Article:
World Wildlife Day 2019: Life below Water : for People and the Planet
Bonn, 28 February 2019 – the theme of this year’s World Wildlife Day campaign is “Life below Water: for People and the Planet” and is closely aligned to the 14th Sustainable Development Goal (SDG14), which aims to conserve and sustainably use the oceans, seas and marine resources.
“The World Wildlife Day campaign theme this year is highly relevant to CMS, given the many migratory marine species listed on the Convention’s appendices and the number of specialized CMS Agreements and initiatives focusing on a range of marine species including cetaceans, sirenians, seals, marine turtles and sharks.”
Melanie Virtue, Head of the Aquatic Species Team at the CMS Secretariat
A number of instruments concluded under CMS deal with aquatic species. These include two intergovernmental agreements dealing with the conservation of cetaceans in the Mediterranean and Black Seas (ACCOBAMS) and in the Baltic, North East Atlantic, Irish and North Seas (ASCOBANS) and another concerning seals in the Wadden Sea. Memoranda of Understanding (MOU) have also been concluded for the conservation of species and regions as diverse as Sharks, Pacific Island Cetaceans, West African Aquatic Mammals, the Eastern Atlantic populations of the Mediterranean Monk Seal, the Dugong, and marine turtles in the Indian Ocean and South East Asia (IOSEA) and along the Atlantic coast of Africa. CMS is also involved in regional efforts to conserve the European Eel, which along with its American relative, has undergone a drastic decline in numbers recently.
CMS has a long track record of securing action to tackle problems such as bycatch, which affects a broad range of marine species, as well as marine noise, ghost nets and other debris and more recently, the “plastic plague”. World Wildlife Day provides an opportunity to raise these issues and the importance of conserving the world’s precious wild animals, including endangered migratory ones.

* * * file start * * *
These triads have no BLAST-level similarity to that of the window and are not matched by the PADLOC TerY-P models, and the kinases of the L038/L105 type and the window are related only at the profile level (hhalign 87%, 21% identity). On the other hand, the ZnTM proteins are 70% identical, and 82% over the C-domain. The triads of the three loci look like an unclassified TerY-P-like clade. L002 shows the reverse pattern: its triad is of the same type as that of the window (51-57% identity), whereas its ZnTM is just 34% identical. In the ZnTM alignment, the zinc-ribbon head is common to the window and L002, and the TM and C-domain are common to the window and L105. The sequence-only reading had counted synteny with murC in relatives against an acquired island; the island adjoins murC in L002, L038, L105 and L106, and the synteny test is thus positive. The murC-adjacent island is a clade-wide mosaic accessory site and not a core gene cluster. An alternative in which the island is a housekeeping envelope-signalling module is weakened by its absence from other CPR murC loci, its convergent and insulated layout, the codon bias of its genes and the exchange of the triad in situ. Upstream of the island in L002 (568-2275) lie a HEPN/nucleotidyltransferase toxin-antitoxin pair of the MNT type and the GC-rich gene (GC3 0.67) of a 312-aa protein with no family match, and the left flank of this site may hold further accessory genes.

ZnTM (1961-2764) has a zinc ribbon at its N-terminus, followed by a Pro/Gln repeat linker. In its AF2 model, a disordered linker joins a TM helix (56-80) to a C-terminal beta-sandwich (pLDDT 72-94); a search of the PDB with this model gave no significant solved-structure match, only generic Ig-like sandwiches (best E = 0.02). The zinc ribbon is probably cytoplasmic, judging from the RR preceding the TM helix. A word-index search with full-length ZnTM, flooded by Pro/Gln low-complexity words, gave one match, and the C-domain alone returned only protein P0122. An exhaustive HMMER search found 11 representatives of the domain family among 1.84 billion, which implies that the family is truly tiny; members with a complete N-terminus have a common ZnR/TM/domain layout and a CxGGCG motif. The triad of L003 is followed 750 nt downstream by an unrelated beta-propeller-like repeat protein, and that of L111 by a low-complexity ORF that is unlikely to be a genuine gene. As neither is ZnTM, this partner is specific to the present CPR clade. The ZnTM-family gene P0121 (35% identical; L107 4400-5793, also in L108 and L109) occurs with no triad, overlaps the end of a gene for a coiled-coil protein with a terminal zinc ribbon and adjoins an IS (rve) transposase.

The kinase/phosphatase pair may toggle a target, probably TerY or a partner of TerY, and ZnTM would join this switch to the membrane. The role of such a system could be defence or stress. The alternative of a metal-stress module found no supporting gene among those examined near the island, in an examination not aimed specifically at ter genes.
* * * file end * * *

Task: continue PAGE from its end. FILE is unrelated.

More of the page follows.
World Wildlife Day 2019 will be marked by a series of events and media activities around the world, including a high-level event at UN Headquarters in New York on Friday, 1 March. As part of these activities, the Convention on International Trade in Endangered Species of Wild Fauna and Flora (CITES) and the United Nations Development Programme (UNDP) have entered a partnership with the Jackson Hole WILD to organize an international film showcase focusing on marine species to help raise awareness of the importance of life below water to our everyday lives.
The International Fund for Animal Welfare will also host a youth art contest to engage school-aged children and help them build a sense of connection with the marine world. Winners of the Living Oceans Film Showcase and the youth art contest will be announced at the high-level event in UN Headquarters.
“Oceans regulate our climate, produce half the oxygen we breathe, provide nourishment for 3+ billion people, and absorb 30 per cent of carbon dioxide released into the atmosphere and fully 90 per cent of the heat from climate change. To ensure that oceans and marine species are preserved and protected, nature-based solutions that bring together public, private and civil society partners need to be replicated and scaled-up.”
Abdoulaye Mar Dieye, UN Assistant Secretary General and Director of UNDP’s Bureau for Policy and Programme Support
More information about World Wildlife Day can be found on the CITES website. A more detailed explanation of the theme and an outline of some of the key activities were set out in a Press Release issued by the CITES Secretariat on 19 November last year.
On 20 December 2013, the 68th session of the United Nations General Assembly proclaimed 3 March as World Wildlife Day to celebrate and raise awareness of the world’s wild fauna and flora. The date is the anniversary of the signature of CITES in 1973. World Wildlife Day has become one of the most prominent global annual events dedicated to wildlife reminding us of the urgent need to step up the fight against wildlife crime, which has wide-ranging economic, environmental and social impacts, and to raise awareness of the various challenges faced by endangered species, including migratory ones.
Last updated on 01 March 2019